I read that the Dalai Lama is helping to raise funds for homeless people around the world by agreeing to appear on the cover of more than 40 street publications. These are independent newspapers and magazines that provide employment opportunities for people experiencing poverty and homelessness, and are part of the International Network of Street Papers.
The Dalai Lama says, “On some level, I am also homeless.”
He’s referring to the fact that he is in exile from his home in Tibet, but that statement can be interpreted another way, for on some level, we are all homeless.
We may have a home, perhaps own one, but when we leave the world, we leave our home behind. Someone else will have it. Our “ownership” is only temporary, just as we temporarily own our body and our “self,” or anything else.
Homelessness was an important concept in early Buddhism. The Buddha and his original followers were part of the Indian tradition of Parivrajakas, or “homeless ones,” men who had “gone forth” from householder life. To use an old expression, they had “dropped out” of society, rejecting not only homes, but kinship, class, and even clothes, for they cast aside the garments they normally wore for old clothes and rags.
The bhikkhu’s homelessness was symbolic of the greater homelessness of life itself. As everything in this world will eventfully decay and disappear, there is no true home for anything, certainly no permanent home. Even our thoughts are homeless.
Thought, Kasyapa, is formless, unseen, not solid, unknowable, unstable, homeless. Thought, Kasyapa, was never seen by any of the Buddhas. They do not see it, they will not see it; and what has never been seen by the Buddhas, what they do not see and will never see, what kind of a process can that have, unless things exist by a false conception? Thought, Kasyapa, is like illusion, and by forming what is not, comprehends all sorts of events. . . .
Crown of Jewels Sutra
Wandering through realms of consciousness like a refugee, thought looks for a home. Thought thinks that perhaps by clinging to this or to that, it can find a home. In this way, thought forms attachments with names and forms, with concepts such as “is” and “is not,” “self” and “other,” “me” and “mine,” and with emotions like envy, pride, and desire. It is the mission of thought to form these attachments in hopes of finding a home. Thought wants to own its own home.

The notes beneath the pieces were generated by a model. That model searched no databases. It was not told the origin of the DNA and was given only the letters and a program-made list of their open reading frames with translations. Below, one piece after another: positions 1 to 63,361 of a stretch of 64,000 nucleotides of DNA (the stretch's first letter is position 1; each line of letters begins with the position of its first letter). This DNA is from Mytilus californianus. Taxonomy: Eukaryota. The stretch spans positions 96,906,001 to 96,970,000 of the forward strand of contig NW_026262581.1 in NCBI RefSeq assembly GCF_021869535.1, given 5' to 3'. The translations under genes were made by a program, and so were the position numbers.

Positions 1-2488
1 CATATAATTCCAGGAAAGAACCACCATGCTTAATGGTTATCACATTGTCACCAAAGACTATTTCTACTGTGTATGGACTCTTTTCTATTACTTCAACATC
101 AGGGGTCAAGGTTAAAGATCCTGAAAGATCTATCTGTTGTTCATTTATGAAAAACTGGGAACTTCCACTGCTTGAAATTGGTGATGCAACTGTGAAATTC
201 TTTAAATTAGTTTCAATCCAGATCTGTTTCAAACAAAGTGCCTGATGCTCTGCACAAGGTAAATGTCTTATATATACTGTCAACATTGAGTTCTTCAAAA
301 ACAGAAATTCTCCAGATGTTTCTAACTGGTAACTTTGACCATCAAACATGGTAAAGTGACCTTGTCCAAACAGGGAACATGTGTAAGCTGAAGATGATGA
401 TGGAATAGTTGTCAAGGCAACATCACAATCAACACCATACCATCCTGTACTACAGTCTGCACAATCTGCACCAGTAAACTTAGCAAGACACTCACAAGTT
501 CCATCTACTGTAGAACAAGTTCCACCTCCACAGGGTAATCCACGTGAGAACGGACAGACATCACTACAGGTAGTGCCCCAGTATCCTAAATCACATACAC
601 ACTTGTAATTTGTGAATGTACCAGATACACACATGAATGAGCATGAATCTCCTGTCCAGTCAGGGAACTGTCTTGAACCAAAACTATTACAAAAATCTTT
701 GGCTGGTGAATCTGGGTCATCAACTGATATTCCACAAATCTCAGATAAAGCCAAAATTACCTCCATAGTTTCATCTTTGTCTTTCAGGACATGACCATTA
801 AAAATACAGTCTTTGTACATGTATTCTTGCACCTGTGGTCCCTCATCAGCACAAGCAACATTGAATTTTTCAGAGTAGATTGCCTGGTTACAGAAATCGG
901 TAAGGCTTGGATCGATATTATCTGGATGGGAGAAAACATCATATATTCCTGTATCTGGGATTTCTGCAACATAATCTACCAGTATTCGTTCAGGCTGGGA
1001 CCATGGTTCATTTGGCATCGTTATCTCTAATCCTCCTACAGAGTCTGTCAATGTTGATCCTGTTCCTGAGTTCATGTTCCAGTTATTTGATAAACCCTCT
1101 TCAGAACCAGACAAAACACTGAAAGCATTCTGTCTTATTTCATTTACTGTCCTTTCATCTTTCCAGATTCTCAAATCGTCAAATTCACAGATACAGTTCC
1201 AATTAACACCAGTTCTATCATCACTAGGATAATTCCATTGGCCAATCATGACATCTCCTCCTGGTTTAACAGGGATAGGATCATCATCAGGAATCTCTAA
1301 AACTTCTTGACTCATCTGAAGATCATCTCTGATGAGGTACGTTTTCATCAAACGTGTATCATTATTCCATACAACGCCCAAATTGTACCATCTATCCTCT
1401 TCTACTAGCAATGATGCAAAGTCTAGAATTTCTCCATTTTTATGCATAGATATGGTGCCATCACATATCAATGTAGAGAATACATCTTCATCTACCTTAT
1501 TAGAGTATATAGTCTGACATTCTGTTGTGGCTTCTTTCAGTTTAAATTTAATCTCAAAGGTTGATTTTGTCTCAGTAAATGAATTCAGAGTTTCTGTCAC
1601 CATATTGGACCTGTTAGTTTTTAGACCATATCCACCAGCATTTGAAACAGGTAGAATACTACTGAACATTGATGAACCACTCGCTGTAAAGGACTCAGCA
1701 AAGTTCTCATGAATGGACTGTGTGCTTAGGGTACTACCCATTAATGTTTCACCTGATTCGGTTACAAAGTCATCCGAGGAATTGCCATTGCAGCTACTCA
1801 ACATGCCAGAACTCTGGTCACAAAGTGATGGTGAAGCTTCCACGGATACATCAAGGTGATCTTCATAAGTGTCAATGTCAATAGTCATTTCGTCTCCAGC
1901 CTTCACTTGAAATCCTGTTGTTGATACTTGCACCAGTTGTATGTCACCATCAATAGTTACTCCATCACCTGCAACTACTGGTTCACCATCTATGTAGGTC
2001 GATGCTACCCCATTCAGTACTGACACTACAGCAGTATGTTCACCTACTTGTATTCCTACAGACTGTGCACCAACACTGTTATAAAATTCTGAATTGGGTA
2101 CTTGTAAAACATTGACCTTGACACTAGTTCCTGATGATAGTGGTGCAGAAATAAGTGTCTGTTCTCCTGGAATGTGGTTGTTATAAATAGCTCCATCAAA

But having things can be a burden. As George Carlin used to say, a home is just a place to keep your stuff while you go out and get more stuff. He said, “Sometimes you gotta move, gotta get a bigger house. Why? No room for your stuff anymore.” Yes, after a while the stuff we own, owns us.
Moreover, since none of our stuff, nor our attachments to them, can last, ownership is an illusion, because it’s always temporary. We never actually “own” anything, we just have things and use them for a rather brief period of time. It is our mission to free thought from the burdens of attachment and ownership, from illusion.
To put an end to thought’s endless search for attachments, we train our mind. We train our thoughts to think differently. This is the primary value of meditation, the tool we use to stop the mind from searching for this illusion of a home, even from searching for itself.
During his meditation, a [practitioner] will find that not even one of the thoughts arising in the mind stays for an instant . . . [He or she] will find that the past mind has gone, the present mind does not stay, and the future mind has not yet come. [The practitioner] will discover that it cannot be found anywhere after an exhaustive search of it in the three times. As it cannot be found, it follows that it is non-existent and that all things (dharma) are so as well.
Chih-i, Stopping and Seeing for Beginners
This corresponds to the concept of wu-hsin or “no-mind,” meaning that there is “no deliberate mind of one’s own.” Of course, it doesn’t mean there is no actual mind. It simply means abiding in a mind that is without attachments.
The phenomenon of wu-hsin, or “no-mindedness,” is not a blank mind that shuts out all thoughts and emotions; nor is it simply calmness and quietness of mind. Although quietude and calmness are necessary, it is the “non-graspingness” of thoughts that mainly constitutes the principle of no mind.
Bruce Lee, On Wu-hsin (No-Mindedness)
We, and our thoughts, are homeless because we are searching for a home that doesn’t exist, forming attachments, clinging to things we can never own. We think in this way we will find security and contentment. It’s a search that will remain frustrating and elusive as long as we continue to seize and grasp. It’s not necessary that we emulate the actual homelessness of the Buddha and his followers. It’s all in the mind, and when we let go of the mind that is constantly seeking to form attachments, when thought is comfortable in its homelessness, we can abide in the home of no-home.